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Commentary: Fiscal Stimulus and the Promise of Future Spending Cuts

Listed author(s):
  • Volker Wieland

    (Goethe University of Frankfurt)

Recent evaluations of the fiscal stimulus packages enacted in 2009 in the United States and Europe such as Cogan et al. (2009) and Cwik and Wieland (2009) suggest that the GDP effects will be modest due to crowding out of private consumption and investment. Corsetti, Meier, and Müller (2009, 2010) argue that spending shocks are typically followed by consolidations with substantive spending cuts, which enhance the short-run stimulus effect. This note investigates the implications of this argument for the estimated impact of recent stimulus packages and the case for discretionary fiscal policy.

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Article provided by International Journal of Central Banking in its journal International Journal of Central Banking.

Volume (Year): 6 (2010)
Issue (Month): 1 (March)
Pages: 39-50

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Handle: RePEc:ijc:ijcjou:y:2010:q:1:a:2
Contact details of provider: Web page: http://www.ijcb.org/

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  1. Jordi Galí & J. David López-Salido & Javier Vallés, 2005. "Understanding the Effects of Government Spending on Consumption," NBER Working Papers 11578, National Bureau of Economic Research, Inc.
  2. Cwik, Tobias J. & Wieland, Volker, 2009. "Keynesian government spending multipliers and spillovers in the Euro area," CFS Working Paper Series 2009/25, Center for Financial Studies (CFS).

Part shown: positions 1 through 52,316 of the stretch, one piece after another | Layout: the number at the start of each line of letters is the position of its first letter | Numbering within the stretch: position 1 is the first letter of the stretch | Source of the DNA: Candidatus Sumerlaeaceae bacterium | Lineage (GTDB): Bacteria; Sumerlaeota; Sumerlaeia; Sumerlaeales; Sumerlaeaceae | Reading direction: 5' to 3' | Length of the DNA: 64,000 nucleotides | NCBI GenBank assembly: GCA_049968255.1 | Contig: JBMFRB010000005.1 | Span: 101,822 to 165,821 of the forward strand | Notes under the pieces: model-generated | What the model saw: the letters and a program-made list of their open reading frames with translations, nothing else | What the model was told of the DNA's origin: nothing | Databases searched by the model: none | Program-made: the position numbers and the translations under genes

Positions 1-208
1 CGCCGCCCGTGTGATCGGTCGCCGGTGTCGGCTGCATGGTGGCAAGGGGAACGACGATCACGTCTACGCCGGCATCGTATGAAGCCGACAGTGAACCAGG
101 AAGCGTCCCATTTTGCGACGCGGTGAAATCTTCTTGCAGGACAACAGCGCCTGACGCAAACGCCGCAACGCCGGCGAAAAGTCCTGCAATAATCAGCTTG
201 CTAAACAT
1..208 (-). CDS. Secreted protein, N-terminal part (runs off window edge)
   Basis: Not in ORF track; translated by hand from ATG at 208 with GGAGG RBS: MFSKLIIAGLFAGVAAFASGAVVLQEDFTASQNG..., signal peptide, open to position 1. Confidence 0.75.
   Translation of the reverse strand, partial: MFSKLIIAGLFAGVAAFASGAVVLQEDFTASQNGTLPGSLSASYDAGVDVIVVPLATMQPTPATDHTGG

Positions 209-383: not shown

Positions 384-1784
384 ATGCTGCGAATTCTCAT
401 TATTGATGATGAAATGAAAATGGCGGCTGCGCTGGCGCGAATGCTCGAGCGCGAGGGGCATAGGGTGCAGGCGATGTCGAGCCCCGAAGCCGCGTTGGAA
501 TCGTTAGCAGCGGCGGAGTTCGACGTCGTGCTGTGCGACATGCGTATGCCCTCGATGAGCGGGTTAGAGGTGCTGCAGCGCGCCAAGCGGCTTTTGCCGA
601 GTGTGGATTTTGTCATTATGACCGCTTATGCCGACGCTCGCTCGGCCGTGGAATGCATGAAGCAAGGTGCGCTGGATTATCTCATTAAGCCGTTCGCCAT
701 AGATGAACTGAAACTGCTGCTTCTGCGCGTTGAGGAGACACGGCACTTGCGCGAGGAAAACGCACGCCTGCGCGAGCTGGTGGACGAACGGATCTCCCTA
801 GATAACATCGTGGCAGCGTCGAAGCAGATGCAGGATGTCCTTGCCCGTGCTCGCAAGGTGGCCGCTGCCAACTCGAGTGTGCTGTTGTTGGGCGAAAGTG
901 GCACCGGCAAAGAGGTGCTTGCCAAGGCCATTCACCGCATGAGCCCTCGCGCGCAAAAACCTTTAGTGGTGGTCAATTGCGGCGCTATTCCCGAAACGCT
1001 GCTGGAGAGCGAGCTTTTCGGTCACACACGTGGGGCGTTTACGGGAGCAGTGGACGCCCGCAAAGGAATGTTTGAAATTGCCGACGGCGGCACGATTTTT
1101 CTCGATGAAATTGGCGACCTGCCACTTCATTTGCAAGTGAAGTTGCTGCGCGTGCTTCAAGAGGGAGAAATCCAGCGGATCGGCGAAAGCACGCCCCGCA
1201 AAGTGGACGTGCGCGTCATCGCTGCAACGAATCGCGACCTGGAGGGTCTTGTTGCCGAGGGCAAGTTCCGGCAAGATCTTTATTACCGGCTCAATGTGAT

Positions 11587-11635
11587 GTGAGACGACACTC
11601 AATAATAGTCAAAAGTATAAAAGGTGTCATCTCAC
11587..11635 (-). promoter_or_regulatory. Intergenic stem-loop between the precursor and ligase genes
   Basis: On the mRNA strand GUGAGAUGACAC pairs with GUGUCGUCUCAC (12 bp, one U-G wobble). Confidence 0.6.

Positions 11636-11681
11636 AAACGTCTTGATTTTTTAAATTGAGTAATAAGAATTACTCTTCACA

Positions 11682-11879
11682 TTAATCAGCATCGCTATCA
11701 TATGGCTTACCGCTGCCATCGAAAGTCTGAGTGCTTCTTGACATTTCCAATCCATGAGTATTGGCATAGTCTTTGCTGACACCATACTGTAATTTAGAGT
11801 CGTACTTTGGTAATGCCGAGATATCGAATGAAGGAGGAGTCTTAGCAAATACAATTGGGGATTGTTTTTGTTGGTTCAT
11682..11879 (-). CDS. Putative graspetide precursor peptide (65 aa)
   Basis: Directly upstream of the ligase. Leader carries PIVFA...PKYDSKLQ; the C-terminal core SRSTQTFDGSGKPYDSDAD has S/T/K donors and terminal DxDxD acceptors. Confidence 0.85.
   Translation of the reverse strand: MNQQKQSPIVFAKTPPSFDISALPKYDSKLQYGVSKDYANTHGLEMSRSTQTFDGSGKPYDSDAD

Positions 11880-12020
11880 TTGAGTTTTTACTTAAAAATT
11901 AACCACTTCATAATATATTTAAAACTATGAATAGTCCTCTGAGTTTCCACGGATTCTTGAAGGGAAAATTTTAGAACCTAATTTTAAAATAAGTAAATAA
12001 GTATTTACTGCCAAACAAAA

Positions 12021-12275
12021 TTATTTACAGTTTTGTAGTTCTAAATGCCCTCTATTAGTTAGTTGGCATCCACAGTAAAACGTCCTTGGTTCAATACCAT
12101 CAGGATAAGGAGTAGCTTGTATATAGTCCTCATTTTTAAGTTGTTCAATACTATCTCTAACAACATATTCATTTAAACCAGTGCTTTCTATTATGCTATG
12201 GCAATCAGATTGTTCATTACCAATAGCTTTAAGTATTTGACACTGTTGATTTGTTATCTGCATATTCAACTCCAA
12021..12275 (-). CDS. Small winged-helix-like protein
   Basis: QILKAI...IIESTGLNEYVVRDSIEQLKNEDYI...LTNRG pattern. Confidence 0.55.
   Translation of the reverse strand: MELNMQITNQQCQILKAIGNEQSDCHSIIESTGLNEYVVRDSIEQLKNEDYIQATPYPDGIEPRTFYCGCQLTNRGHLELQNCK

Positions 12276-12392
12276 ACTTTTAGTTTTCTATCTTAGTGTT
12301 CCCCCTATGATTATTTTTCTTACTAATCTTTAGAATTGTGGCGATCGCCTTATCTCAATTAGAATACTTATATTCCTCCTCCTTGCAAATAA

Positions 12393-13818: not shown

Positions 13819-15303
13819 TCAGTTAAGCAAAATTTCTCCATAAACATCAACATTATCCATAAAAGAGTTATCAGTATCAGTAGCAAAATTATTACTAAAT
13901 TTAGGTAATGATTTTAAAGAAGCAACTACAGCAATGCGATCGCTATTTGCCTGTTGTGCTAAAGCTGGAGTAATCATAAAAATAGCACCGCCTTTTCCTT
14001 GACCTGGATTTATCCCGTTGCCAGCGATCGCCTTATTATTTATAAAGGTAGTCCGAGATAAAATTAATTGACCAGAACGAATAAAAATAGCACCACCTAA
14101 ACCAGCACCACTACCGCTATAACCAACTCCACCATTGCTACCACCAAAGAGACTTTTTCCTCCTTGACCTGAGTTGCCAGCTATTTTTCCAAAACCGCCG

3. Taylor, John B., 1993. "Discretion versus policy rules in practice," Carnegie-Rochester Conference Series on Public Policy, Elsevier, vol. 39(1), pages 195-214, December.
  4. Robert Barro, 2011. "Macroeconomic Effects from Government Purchases and Taxes," Annual Meeting Plenary 2011-1, Society for Economic Dynamics.
  5. Frank Smets & Raf Wouters, 2007. "Shocks and Frictions in US Business Cycles : a Bayesian DSGE Approach," Working Paper Research 109, National Bank of Belgium.
  6. Gernot Müller & Giancarlo Corsetti & Andre Meier, 2009. "Fiscal Stimulus with Spending Reversals," IMF Working Papers 09/106, International Monetary Fund.
  7. Valerie A. Ramey, 2009. "Identifying Government Spending Shocks: It's All in the Timing," NBER Working Papers 15464, National Bureau of Economic Research, Inc.
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